New research led by Professor of Surgery, J. Calvin Coffey, Graduate Entry Medical School, UL and Colorectal Surgeon, University Hospital Limerick (UHL) has refuted a century of mistaken abdominal anatomy by remapping the human mesentery in a way never described before. This research has significant implications for patient outcomes, leading to less invasive surgeries, fewer complications, faster patient recovery and lower overall costs.
Professor Austin Stack, Chair of Medicine, Graduate Entry Medical School is taking on the battle against kidney disease. In his research, Professor Stack is looking to address the impact of kidney disease in large populations. He currently is exploring methods of predicting kidney disease progression and the identification of novel biomarkers that may facilitate earlier diagnosis of cardiovascular disease in chronic kidney disease.
Unhealthy food and drinks are common in children’s TV programmes broadcast in Ireland and England, and frequently portrayed in a positive light, according from new research from the Graduate Entry Medical School at the University of Limerick. Statutory legislation to curb children’s exposure to high sugar and fat food/drink in TV adverts was introduced in the UK in 2007, and similar regulations have recently come on stream in Ireland, however, these regulations are not being applied to programme content.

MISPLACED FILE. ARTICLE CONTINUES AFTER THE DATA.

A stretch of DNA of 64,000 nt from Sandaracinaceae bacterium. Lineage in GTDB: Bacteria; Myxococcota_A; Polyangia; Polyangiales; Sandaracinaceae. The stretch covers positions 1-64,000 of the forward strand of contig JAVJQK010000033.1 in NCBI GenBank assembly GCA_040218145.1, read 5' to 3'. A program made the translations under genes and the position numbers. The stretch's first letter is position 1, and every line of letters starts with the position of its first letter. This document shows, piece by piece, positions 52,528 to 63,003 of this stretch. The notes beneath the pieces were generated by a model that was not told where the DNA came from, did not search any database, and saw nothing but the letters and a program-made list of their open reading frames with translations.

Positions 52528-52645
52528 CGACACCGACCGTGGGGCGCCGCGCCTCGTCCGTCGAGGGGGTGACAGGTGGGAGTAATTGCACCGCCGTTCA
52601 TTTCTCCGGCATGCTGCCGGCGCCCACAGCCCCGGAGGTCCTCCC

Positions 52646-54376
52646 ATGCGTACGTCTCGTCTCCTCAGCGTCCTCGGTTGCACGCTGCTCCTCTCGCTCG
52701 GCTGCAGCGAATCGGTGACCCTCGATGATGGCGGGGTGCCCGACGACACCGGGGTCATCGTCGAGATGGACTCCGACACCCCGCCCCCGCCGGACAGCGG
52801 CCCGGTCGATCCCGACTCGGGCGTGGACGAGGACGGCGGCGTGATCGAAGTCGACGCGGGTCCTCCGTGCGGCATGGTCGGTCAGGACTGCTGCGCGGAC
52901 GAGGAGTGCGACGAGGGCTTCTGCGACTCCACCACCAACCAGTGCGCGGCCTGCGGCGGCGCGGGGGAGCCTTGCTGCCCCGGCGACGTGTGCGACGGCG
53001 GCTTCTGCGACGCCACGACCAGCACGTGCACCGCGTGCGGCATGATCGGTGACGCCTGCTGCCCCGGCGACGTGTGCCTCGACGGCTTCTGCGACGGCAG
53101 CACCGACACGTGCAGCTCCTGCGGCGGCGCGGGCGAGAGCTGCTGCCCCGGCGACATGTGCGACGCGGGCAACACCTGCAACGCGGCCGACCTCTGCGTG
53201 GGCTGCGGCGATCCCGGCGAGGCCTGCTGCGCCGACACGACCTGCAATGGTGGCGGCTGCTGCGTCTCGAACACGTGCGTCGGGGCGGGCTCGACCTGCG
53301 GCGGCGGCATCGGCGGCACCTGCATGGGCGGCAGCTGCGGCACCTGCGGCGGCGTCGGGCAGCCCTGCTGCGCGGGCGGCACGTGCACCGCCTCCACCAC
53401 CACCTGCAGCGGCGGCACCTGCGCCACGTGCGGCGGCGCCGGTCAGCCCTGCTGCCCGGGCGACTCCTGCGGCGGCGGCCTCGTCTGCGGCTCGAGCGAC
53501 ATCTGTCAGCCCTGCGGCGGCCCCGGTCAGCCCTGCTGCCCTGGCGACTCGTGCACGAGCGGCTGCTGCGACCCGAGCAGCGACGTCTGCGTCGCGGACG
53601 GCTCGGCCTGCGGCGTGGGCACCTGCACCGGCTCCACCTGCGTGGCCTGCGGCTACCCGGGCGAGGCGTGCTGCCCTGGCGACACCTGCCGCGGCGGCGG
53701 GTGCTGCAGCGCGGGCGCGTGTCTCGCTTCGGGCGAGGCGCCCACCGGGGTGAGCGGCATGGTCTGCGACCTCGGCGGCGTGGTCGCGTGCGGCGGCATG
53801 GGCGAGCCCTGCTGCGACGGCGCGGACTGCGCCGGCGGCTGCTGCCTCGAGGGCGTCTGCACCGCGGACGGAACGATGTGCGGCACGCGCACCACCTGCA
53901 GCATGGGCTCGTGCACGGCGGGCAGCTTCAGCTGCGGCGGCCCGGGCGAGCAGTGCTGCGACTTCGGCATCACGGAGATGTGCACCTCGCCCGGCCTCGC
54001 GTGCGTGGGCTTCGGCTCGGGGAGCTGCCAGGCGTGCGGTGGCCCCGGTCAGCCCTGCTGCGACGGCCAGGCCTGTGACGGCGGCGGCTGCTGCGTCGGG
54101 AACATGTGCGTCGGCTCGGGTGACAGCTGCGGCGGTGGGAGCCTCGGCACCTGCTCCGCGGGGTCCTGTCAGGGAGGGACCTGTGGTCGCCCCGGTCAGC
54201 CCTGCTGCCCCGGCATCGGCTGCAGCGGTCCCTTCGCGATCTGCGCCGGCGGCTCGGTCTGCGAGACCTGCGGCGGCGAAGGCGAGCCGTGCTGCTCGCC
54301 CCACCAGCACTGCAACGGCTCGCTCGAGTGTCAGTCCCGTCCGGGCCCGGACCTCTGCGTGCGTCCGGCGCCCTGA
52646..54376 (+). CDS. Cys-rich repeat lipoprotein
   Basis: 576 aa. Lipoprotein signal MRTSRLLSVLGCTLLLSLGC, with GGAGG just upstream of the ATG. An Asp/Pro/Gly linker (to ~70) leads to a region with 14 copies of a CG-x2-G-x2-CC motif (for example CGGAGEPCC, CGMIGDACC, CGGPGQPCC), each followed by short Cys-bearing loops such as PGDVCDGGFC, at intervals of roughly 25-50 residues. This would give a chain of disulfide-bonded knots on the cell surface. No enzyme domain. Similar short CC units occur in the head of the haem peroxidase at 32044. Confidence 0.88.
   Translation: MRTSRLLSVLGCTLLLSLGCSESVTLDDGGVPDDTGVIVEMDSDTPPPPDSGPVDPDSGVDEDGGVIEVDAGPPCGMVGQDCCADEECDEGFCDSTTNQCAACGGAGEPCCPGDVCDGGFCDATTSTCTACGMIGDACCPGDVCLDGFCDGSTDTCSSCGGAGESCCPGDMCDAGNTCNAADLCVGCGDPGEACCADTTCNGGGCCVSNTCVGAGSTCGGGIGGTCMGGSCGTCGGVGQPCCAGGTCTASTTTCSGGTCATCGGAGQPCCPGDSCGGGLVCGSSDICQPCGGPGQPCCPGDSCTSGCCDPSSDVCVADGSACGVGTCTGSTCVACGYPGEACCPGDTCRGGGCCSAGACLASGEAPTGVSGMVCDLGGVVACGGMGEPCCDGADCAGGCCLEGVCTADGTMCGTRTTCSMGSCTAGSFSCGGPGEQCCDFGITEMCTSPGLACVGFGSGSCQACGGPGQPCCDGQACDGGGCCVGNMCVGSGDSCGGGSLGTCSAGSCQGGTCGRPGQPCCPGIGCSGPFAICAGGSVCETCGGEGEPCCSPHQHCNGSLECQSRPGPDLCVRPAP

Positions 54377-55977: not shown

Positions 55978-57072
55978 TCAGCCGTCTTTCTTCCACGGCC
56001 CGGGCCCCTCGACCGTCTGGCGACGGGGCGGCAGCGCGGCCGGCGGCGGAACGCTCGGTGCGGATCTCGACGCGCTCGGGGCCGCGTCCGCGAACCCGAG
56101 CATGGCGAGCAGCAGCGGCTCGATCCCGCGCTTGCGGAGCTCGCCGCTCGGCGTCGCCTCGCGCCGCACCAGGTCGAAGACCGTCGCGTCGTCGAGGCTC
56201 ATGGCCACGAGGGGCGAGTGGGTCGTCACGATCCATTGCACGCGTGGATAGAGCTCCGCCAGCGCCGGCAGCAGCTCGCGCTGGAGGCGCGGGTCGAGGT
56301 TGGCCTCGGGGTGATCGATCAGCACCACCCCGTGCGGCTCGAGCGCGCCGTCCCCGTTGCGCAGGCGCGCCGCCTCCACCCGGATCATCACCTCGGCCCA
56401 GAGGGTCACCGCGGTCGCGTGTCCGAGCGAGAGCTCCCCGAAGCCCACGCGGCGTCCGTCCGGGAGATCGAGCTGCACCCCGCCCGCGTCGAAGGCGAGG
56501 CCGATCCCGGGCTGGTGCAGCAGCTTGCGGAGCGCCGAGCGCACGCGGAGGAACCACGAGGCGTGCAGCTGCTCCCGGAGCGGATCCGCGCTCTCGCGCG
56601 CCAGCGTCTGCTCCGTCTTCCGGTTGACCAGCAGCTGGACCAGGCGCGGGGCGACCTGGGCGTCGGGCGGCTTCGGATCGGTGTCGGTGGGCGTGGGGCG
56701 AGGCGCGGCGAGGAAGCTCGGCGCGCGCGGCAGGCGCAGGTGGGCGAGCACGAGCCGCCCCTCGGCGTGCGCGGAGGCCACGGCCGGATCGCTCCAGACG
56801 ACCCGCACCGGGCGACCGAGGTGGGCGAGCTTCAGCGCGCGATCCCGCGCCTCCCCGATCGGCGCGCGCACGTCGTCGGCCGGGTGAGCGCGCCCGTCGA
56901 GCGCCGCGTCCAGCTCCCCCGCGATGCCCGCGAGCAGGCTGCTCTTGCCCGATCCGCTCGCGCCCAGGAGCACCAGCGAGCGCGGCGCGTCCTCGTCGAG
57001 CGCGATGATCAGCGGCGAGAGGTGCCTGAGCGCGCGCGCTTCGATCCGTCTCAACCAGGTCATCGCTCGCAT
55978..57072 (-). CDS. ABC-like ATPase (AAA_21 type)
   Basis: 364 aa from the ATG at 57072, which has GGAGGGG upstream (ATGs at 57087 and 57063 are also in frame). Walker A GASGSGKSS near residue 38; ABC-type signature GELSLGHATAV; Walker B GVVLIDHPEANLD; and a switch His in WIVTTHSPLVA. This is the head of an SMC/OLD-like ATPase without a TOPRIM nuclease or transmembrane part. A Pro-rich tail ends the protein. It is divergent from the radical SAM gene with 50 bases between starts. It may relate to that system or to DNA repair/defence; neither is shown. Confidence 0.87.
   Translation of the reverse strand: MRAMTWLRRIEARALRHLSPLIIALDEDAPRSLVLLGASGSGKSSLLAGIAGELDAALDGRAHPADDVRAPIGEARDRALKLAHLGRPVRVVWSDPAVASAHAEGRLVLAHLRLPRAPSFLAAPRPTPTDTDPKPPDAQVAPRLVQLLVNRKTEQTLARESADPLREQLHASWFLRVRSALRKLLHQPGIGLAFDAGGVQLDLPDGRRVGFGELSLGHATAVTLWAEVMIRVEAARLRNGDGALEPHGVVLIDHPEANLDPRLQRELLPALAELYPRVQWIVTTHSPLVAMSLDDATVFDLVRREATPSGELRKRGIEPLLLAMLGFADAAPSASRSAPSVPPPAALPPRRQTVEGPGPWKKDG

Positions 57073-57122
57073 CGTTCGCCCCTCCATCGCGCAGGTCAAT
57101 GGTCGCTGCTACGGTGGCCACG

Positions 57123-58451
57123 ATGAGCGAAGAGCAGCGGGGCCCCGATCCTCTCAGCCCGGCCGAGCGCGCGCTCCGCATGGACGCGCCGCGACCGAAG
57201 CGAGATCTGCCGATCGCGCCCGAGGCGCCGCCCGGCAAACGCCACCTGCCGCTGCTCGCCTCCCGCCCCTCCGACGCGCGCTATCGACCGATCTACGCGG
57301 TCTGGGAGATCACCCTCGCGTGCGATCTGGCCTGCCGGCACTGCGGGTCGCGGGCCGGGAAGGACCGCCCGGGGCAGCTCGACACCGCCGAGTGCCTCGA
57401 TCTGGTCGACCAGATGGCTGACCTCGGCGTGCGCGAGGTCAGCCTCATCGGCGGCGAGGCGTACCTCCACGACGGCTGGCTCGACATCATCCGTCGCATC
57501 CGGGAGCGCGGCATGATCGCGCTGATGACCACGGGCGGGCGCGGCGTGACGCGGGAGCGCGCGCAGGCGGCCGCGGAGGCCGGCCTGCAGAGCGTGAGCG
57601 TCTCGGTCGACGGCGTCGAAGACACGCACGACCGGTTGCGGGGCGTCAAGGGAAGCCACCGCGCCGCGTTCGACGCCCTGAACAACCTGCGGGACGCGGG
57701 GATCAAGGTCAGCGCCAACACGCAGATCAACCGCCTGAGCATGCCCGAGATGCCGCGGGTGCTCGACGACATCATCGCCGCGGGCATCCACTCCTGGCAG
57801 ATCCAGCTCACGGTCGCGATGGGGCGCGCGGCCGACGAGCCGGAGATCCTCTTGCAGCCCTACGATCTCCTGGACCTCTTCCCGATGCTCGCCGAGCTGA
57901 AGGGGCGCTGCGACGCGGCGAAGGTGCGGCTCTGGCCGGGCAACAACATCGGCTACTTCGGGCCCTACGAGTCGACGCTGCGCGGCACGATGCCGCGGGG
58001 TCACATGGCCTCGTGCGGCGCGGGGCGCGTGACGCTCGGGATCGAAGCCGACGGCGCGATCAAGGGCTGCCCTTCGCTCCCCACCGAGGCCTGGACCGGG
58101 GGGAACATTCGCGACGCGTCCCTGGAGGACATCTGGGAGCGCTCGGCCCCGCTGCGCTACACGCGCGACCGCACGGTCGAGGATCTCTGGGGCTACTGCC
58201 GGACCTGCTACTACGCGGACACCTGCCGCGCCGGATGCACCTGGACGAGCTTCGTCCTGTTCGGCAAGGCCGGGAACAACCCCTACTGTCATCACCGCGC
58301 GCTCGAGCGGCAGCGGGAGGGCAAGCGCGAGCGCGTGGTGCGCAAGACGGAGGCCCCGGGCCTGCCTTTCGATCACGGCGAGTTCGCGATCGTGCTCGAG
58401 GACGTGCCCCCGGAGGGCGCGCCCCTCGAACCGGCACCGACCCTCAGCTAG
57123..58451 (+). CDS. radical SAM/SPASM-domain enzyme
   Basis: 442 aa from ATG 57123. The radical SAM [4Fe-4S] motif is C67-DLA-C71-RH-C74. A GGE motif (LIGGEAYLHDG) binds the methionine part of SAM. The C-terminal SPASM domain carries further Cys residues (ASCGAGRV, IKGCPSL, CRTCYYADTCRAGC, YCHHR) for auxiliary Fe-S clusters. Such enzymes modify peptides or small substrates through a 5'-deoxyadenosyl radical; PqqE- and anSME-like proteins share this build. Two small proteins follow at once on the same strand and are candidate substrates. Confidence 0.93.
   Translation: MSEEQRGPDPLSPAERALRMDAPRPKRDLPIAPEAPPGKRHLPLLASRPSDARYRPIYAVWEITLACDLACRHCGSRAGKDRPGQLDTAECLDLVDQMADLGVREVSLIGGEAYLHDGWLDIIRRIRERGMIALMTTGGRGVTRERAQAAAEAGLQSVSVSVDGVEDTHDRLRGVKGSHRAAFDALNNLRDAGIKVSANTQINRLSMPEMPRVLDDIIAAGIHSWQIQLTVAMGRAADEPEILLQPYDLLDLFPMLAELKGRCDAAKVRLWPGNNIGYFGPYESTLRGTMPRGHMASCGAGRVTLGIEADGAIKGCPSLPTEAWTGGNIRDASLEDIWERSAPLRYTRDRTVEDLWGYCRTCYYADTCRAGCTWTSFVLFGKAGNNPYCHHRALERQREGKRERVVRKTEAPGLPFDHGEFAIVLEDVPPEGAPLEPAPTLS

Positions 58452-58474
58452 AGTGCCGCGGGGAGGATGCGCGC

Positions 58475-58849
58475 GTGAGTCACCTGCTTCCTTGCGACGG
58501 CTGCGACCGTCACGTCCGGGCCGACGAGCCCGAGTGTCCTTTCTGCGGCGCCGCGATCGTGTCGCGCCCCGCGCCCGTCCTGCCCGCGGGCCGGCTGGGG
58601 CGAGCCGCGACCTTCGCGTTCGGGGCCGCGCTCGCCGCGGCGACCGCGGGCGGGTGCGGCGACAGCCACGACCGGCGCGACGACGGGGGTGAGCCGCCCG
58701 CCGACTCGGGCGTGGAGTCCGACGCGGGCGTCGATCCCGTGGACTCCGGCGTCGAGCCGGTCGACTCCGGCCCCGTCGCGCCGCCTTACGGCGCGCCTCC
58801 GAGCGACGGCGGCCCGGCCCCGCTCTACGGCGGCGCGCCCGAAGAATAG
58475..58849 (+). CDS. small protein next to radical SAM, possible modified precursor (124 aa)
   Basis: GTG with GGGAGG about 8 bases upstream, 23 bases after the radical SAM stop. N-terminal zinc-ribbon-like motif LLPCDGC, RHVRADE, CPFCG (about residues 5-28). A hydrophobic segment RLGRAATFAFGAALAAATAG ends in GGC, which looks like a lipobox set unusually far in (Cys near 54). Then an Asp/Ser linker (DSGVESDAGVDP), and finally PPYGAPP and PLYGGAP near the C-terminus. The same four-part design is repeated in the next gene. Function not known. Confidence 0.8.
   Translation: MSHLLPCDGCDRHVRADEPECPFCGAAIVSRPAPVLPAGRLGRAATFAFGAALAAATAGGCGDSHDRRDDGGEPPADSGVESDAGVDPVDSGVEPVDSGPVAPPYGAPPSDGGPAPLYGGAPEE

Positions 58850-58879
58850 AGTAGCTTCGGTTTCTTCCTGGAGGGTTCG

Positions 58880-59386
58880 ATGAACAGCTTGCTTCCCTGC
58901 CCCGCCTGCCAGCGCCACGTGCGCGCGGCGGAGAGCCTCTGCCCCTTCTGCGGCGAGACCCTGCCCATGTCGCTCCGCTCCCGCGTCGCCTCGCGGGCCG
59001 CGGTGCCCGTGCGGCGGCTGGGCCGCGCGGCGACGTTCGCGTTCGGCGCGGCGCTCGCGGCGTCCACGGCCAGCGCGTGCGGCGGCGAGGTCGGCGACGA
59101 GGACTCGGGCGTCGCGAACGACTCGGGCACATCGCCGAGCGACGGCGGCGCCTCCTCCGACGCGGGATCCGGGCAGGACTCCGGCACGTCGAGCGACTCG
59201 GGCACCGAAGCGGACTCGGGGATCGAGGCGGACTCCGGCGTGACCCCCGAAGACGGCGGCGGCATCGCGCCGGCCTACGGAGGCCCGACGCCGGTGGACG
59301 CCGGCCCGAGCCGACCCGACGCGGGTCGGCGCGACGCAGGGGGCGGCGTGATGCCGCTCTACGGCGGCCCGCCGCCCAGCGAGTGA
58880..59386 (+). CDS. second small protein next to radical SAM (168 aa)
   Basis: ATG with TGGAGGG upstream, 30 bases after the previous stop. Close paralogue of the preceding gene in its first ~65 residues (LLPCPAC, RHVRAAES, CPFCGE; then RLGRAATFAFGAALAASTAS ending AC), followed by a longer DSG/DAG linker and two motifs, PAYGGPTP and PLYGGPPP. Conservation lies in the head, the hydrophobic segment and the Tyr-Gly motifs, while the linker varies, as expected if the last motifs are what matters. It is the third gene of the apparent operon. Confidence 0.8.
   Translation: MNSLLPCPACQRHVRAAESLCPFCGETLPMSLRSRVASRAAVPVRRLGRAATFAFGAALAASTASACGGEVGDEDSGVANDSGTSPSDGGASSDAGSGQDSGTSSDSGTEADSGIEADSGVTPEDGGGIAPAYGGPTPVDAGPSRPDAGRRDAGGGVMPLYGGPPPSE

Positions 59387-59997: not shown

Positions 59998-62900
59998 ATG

A study undertaken by researchers at the University of Limerick has identified four distinct sleep profiles in 9-month old infants in Ireland indicating that mothers of infants in the poorer sleep profiles are more likely to report higher levels of stress and depression and poorer physical health.
Professor Colum Dunne, Director of Research at the University of Limerick’s Graduate Entry Medical School (GEMS), has been presented with one of the Irish Health Services Executive (HSE) Inaugural Open Access Awards by HSE Director General, Mr Tony O’Brien.
Researchers at University of Limerick and University Hospital Limerick have identified several new genetic biomarkers which better predict outcomes for patients with bowel/colorectal cancer. The research team identified genes that are predictors of cancer recurrence and can also help to identify a patients’ suitability to specific types of chemotherapy.
It is estimated that at least 1 in 5 hospitalised adults develop Acute Kidney Injury (AKI). Emerging evidence suggests that AKI: is under-recognised in clinical practice; predicts an accelerated risk of end-stage kidney disease (ESKD), and may be a risk amplifier for many other chronic diseases with death rates in excess of 20%.